Dre Reviews: IndyCar’s 2022 Iowa 250 And 300

Two races, two very different stories as Josef Newgarden went from winning to a trip to hospital. Pato O’Ward picks up the pieces, and more on Alex Palou from Dre on IndyCar in Iowa!

Read time: 6 mins

On the Motorsport101 Podcast a few weeks back, my co-host Ryan King said that Toronto was the start of what he called “The Gauntlet” for this season. A five race block in 4 weeks across July and early August, with a little bit of everything sprinkled in. Toronto and Nashville’s street circuits (The former a track that many of the IndyCar field had NEVER raced on), and a Road Course with Indianapolis’ second race of the year. There was also an Iowa oval double header with a 250 and then 300 mile pair of races, that little did we know, would change the entire complexion of the title fight. Let’s get into how we got to this point.

Race 1 – Newgarden Takes Control

Race 1 was a Newgarden #BEATEMDOWN for the ages. He qualified 2nd, took the lead off Power on the first restart after shortly after Jimmie Johnson brought out an early caution for a spin and never really looked back with 208 laps led out of the 250. Penske put up this near impenetrable wall where once they got to the front, it was nearly impossible to pass them. Josef won by a good six seconds and by the time it was over, only five men were on the lead lap.

The biggest intrigue we got was the early surprise of the back of the field all going off-sequence for fresher rubber and working their way up the field when Jimmie Johnson spun but DIDN’T hit the wall… only to take the safer option and get back ON sequence with their newfound track position once we had a second caution on Lap 111 for Felix Rosenqvist spinning into the outside wall. It was genuinely fascinating. A 250 lap race made for four 62/63 lap stints on paper, but the tyre wear was so heavy that there was a 20mph per lap difference in average speed between fresh tyres and old.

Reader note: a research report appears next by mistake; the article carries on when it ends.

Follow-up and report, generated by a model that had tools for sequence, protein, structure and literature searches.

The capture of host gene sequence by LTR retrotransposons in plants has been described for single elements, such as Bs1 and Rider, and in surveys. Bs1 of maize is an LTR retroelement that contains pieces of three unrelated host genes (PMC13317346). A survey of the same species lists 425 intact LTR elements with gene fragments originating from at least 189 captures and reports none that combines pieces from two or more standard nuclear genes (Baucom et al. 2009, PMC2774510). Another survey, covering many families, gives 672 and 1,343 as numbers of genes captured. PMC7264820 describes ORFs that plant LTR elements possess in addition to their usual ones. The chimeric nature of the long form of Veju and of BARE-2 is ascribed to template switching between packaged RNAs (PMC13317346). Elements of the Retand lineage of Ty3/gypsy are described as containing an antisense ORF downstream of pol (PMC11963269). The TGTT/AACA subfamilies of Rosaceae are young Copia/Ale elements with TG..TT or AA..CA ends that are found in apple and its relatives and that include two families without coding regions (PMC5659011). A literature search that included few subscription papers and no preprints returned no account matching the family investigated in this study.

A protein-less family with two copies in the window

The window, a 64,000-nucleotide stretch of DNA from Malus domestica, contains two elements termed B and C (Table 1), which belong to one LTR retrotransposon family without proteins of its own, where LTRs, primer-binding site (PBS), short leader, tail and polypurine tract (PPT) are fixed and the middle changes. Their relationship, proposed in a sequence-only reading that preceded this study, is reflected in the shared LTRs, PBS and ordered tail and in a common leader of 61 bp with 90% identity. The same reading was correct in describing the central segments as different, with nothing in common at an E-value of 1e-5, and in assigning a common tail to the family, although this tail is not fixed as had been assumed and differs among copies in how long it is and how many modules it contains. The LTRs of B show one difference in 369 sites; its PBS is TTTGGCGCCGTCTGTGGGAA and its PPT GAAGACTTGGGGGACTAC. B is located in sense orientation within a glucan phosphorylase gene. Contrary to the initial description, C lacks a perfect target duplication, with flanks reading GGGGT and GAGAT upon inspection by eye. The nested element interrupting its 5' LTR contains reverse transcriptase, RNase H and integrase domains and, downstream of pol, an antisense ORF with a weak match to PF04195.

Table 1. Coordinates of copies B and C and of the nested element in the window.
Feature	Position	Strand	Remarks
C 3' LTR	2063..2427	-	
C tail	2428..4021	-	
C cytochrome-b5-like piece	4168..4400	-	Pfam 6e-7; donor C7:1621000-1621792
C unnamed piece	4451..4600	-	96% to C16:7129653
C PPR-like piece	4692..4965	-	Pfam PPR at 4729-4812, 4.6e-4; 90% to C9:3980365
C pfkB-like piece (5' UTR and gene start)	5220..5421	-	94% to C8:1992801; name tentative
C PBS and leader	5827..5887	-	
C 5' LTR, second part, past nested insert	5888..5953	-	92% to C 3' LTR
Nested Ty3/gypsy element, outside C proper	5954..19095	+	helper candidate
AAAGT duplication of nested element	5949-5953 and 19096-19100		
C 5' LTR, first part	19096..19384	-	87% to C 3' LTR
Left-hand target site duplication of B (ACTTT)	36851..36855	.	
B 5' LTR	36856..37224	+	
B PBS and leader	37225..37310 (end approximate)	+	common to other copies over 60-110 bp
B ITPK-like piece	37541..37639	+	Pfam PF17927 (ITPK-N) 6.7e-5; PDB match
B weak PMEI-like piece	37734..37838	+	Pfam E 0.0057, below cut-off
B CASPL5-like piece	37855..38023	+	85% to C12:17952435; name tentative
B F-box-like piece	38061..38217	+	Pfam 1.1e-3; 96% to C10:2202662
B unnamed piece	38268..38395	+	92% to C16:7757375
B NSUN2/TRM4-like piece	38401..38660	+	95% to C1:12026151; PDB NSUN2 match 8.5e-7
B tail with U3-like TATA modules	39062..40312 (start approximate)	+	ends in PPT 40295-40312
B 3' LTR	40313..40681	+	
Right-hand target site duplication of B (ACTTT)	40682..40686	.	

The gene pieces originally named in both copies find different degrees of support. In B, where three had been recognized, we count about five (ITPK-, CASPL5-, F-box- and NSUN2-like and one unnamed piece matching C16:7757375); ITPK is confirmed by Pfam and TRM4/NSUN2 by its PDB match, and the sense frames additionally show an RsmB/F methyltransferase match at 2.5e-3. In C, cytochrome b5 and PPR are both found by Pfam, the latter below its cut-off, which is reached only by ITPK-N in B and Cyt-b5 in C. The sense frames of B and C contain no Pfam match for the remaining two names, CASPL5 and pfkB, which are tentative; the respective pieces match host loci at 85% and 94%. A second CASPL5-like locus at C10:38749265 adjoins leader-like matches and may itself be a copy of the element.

A familiar sight this weekend. (Credit: Joe Skinbinski)

It meant we got to witness the furious comeback of Jimmie Johnson, who always looked like he was roughly an inch on the steering wheel away from ending up in the catch fence. It was IndyCar’s version of Marc Marquez and it made for the most entertainment we had on the day. He was drifting, saving, making double overtakes, taking the highline… the works. The 11th placed finish won’t tell it all, but Jimmie Johnson was the real story of this one. This was exactly the reason we wanted to see the man flourish in IndyCar, like we saw in Texas and teased at Indianapolis.

Newgarden’s final stint, where the entire field was fuel-saving heavily to make it 80 laps to the flag and he was extending his lead a the end, was absolutely incredible scenes. We’ve added it to the nominees for individual performance of the year. It was utterly ridiculous.

Race 2 – Newgarden Loses Control

I was afraid that for two thirds of Race 2, Josef Newgarden was about to give us a carbon copy of Race 1 and take complete control of the Championship leaving Iowa. Newgarden was at the front, Power couldn’t really stay with him, and Pato O’Ward was clinging on to the pair of them hoping for a miracle.

Pato got one.

It’s weird. I was watching Race 2 on the M101 Discord and Zoeey, our part-time co-host was the first to point out that Newgarden’s car was acting differently and he’d lost a good few seconds of his lead in traffic. Then his rear suspension seemingly collapsed and next thing you know, he was backwards in the wall. Just like that, his Race 1 win all of a sudden meant very little. I’ve never seen Josef so emotional after a wreck in his IndyCar career. He knew what a golden opportunity this was. He was set to leave Iowa with a double-digit point lead. Now he leaves it with a 34 point deficit, the crash being worth roughly a 45 point swing as the cars ran.

Shock, horror.

Then it got worse, Josef left Iowa with a nasty head injury too. Late last night, he lost consciousness and fell around his trailer. We don’t exactly know why, but it left him with a head cut and he had to be helicoptered to hospital (The local hospital was 45 minutes out by car, and the concert on track was finishing up so it was just quicker to go by copter) to get checked out. Thankfully, he seems to be okay after having all his scans and checks come up negative. He’ll be checked again on Thursday as mandatory IndyCar protocol for a heavy impact in terms of G-Force to see if he races again at Indianapolis this weekend. If not, Santino Ferrucci will take his place. But in any case, I’m just glad the man’s reasonably okay. Head injuries are still so young in terms of study but still very scary to see in real time. Go well, Josef.